Z
MCN Blogs
Kim Voynar

By Kim Voynar Voynar@moviecitynews.com

Imagining the Future Through Film

The site Futurestates, part of ITVS, is a very cool site that challenges students to think about what the future will look like 25, 50, 100 years from now. The site combines films on pertinent subjects with lesson plans that tie in and challenge students to think about what they’re learning and hypothesize about what consequences might result decades from now, from choices they’re making today.

One of the Season One lessons, for instance, used Ramin Bahrani’s terrific short film Plastic Bag, narrated by Werner Herzog, to illustrate the relationship between humans as consumers and how we impact the environment without thinking.

One of the season two episodes, Exposure, which releases April 4, was directed by Mia Trachinger, whose film Reversion played at Sundance a few years ago. Reversion was a trippy film about a group of people who lack the ability to travel linearly through time. Trachinger used this basic conceit to explore the idea that if we don’t experience life linearly, we don’t ever see the direct consequences of actions, as an allegory for consequential morality generally.

Reversion had some flaws in the execution (Trachinger just told me she’s recut the film, though, so I am really interested to see it in this new iteration), but it was a really smart concept and Trachinger herself kind of reminds me of a sci-fi Miranda July … very smart and passionate, with a particularly interesting and engaging way of looking at the world.

Here’s the trailer for Trachinger’s film Exposure, which imagines a future world in which teams of government workers are tasked with the job of inoculating the population against disease by exposing people to contagions, and a group of people trying to avoid being exposed.

I’ll be keeping an eye on this project, now that I know about it, and maybe using some of the lessons with my middle school youth group at the Unitarian Church to kick off some discussions about some of the issues addressed. Pretty cool.

One Response to “Imagining the Future Through Film”

  1. Donkeys says:

    Just shoot him and bury him with a pig.

Leave a Reply

Quote Unquotesee all »

“Chad Harbach spent ten years writing his novel. It was his avocation, for which he was paid nothing, with no guarantee he’d ever be paid anything, while he supported himself doing freelance work, for which I don’t think he ever made $30,000 a year. I sold his book for an advance that equated to $65,000 a year—before taxes and commission—for each of the years of work he’d put in. The law schools in this country churn out first-year associates at white-shoe firms that pay them $250,000 a year, when they’re twenty-five years of age, to sit at a desk doing meaningless bullshit to grease the wheels of the corporatocracy, and people get upset about an excellent author getting $65,000 a year? Give me a fucking break.”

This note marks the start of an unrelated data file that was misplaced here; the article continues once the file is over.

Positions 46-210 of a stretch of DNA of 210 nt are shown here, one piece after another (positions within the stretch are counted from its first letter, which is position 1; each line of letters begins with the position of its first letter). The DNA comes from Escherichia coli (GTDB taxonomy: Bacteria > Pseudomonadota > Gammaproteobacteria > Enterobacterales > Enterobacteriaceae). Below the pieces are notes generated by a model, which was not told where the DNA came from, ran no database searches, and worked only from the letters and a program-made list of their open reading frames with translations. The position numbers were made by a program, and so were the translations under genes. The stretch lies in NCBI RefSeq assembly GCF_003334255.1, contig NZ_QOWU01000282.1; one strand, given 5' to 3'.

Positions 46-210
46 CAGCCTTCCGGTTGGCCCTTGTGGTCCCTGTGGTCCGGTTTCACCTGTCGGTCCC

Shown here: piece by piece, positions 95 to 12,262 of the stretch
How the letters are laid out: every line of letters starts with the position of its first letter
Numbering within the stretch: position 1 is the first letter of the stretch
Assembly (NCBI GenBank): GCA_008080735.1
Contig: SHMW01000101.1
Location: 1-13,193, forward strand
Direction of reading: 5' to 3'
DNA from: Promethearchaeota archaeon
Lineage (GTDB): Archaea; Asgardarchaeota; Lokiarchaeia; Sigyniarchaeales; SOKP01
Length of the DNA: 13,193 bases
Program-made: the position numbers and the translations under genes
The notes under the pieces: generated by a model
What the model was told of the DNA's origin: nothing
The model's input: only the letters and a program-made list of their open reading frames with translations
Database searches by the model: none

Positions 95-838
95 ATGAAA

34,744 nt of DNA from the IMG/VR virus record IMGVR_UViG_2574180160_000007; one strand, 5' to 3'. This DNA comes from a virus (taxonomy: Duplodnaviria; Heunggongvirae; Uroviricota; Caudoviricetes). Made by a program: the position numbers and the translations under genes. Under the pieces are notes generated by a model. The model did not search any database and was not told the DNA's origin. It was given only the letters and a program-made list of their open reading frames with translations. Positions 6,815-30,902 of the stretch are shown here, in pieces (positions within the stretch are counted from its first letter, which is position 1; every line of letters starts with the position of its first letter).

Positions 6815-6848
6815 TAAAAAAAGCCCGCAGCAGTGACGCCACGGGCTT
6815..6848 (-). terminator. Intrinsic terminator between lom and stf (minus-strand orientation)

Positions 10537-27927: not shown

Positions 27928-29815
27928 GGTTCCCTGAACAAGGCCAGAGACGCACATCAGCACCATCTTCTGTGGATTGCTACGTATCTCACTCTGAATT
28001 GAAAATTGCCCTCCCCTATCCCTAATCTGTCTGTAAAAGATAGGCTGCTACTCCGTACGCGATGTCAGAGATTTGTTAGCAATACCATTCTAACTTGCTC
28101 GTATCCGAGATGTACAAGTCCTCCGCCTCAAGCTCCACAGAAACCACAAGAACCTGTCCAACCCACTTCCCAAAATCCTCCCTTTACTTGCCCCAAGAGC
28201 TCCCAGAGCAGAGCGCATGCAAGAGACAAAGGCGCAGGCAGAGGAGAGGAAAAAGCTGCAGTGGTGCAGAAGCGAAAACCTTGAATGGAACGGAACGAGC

~ Book Agent Chris Parris-Lamb On The State Of The Publishing Industry

INTERVIEWER
Do you think this anxiety of yours has something to do with being a woman? Do you have to work harder than a male writer, just to create work that isn’t dismissed as being “for women”? Is there a difference between male and female writing?

FERRANTE
I’ll answer with my own story. As a girl—twelve, thirteen years old—I was absolutely certain that a good book had to have a man as its hero, and that depressed me. That phase ended after a couple of years. At fifteen I began to write stories about brave girls who were in serious trouble. But the idea remained—indeed, it grew stronger—that the greatest narrators were men and that one had to learn to narrate like them. I devoured books at that age, and there’s no getting around it, my models were masculine. So even when I wrote stories about girls, I wanted to give the heroine a wealth of experiences, a freedom, a determination that I tried to imitate from the great novels written by men. I didn’t want to write like Madame de La Fayette or Jane Austen or the Brontës—at the time I knew very little about contemporary literature—but like Defoe or Fielding or Flaubert or Tolstoy or Dostoyevsky or even Hugo. While the models offered by women novelists were few and seemed to me for the most part thin, those of male novelists were numerous and almost always dazzling. That phase lasted a long time, until I was in my early twenties, and it left profound effects.
~ Elena Ferrante, Paris Review Art Of Fiction No. 228

Z Z